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My co-worker Jason Hatcher turned me on to this clip from the new Vice film, Heavy Metal in Baghdad, directed by Eddy Moretti and Suroosh Alvi. Moretti is an NYU cinema studies grad and Alvi is a Vice magazine co-founder.
Featured at the Toronto Film Festival, the film follows the only Iraqi heavy metal band, Acrassicauda, from the fall of Saddam Hussein to today. While some headbangers contend with drug abuse and divisive band politics, Acrassicauda has stuck together despite the unimaginable hurdle of a country split apart by a bloody civil war.
I can't wait to see it if it ever makes it to ATL. No word yet.
Over the years the Vice magazine "brand" (could any term be more 2007?) has morphed into a renegade version of a Time Warner media company with books, clothing, a music label and now films all enfolded under the Vice empire.
Though laddish controversy-courting is Vice's coin of the realm, I admire its nose-thumbing, entrepreneurial spirit despite certain misgivings about its tendency toward chuggalugging irony and old-school gender posturing.
And the Vice move into filmmaking seems especially relevant, a continuation of the Vice crowd's growing interest in current events â like "Jackass" with a more political sensibility. I've seen several short Vice films in the 2006 The Vice Guide to Travel about buying black market weapons in Afghanistan and "investigating" the aftereffects of radiation at Chernobyl.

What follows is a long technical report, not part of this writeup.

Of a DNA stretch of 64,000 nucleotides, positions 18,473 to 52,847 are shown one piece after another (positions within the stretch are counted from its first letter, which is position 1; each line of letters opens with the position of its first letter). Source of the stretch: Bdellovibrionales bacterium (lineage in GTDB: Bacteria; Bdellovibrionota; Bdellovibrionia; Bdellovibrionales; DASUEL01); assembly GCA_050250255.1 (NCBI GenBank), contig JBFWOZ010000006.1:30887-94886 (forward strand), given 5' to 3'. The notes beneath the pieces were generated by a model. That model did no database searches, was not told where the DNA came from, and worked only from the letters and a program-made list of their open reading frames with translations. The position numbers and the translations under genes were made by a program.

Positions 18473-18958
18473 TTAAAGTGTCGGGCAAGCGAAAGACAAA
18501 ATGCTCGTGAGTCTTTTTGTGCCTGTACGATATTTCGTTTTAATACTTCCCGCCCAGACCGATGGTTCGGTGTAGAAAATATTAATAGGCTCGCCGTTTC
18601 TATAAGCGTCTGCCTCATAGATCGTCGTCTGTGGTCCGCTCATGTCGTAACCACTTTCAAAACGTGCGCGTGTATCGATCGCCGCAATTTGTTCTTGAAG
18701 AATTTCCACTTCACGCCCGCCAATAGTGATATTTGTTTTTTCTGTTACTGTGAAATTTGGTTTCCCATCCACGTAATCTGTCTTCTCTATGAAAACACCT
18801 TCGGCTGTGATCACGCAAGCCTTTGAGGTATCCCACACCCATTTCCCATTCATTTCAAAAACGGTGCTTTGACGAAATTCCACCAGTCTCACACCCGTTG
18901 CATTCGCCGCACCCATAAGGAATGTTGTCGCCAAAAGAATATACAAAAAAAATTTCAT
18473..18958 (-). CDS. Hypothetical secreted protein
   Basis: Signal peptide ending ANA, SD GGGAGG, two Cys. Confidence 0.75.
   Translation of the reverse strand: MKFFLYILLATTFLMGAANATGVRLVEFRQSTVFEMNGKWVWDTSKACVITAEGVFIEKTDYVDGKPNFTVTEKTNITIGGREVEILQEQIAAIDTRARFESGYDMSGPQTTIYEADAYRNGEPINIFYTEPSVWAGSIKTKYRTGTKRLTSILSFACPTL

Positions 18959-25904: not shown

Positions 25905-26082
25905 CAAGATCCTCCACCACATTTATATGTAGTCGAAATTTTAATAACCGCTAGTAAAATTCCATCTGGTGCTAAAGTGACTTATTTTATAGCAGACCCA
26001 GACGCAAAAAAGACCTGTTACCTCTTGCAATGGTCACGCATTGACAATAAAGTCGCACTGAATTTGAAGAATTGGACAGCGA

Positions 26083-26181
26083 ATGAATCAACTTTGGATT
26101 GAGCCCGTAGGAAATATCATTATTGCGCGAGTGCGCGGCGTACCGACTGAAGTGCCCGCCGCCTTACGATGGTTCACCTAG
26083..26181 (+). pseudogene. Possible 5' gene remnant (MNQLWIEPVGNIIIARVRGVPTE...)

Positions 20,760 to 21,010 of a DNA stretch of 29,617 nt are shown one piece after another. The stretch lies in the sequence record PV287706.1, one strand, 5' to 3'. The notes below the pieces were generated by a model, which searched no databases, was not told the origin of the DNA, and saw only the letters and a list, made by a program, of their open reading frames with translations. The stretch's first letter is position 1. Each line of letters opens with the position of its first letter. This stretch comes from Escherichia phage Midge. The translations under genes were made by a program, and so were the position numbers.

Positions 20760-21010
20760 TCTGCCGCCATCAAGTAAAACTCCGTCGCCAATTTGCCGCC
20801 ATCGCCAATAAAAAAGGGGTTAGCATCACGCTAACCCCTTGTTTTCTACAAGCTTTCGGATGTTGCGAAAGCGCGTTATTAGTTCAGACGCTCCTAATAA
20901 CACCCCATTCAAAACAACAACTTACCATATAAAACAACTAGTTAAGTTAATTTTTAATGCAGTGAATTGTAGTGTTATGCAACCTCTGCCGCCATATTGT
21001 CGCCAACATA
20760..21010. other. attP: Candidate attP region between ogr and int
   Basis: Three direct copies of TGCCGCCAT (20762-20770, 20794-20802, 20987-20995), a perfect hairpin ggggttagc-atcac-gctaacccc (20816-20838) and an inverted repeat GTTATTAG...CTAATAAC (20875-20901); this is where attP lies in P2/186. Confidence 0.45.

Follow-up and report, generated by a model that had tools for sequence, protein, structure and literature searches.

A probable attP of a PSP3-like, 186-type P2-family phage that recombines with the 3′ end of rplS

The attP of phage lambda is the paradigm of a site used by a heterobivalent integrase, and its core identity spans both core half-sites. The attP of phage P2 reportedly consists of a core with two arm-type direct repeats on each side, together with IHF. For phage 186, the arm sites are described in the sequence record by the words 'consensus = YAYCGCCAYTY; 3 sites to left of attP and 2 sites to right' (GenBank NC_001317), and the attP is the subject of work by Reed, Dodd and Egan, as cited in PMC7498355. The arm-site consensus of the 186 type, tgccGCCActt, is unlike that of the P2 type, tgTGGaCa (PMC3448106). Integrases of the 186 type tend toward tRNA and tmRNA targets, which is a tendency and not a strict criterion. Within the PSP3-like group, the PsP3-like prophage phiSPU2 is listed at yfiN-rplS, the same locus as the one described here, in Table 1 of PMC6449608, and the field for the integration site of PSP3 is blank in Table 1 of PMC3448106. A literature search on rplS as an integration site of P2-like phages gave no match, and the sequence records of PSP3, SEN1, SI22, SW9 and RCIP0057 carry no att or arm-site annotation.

In some ways, those films feel like a continuation of the gonzo writing of Hunter S. Thompson and Tom Wolfe's immersion style of reportage. It's that strain of assaultive inquiry more than the Michael Moore brand of look-at-me documentary making that seems to drive the Vice films (though several of Heavy Metal's crew have connections to Moore), which often feature their directors in prominent roles. The whole Vice attitude toward war, politics and the everyday horrors people in other countries (check out this Vice website article on depressing Syrian brothels for a taste of what you won't be seeing on TV news) live with feels like a response to the monolithic corporate news culture. Sort of "The Daily Show" crossed with zine culture with a dash of Esquire.
Iâm also a big fan of the Vice magazine dos and donâts running commentary on street fashion (you can find the magazine locally at Criminal Records).
You can see a "what will the kids think of next?" New York Times feature on the Vice ethos here.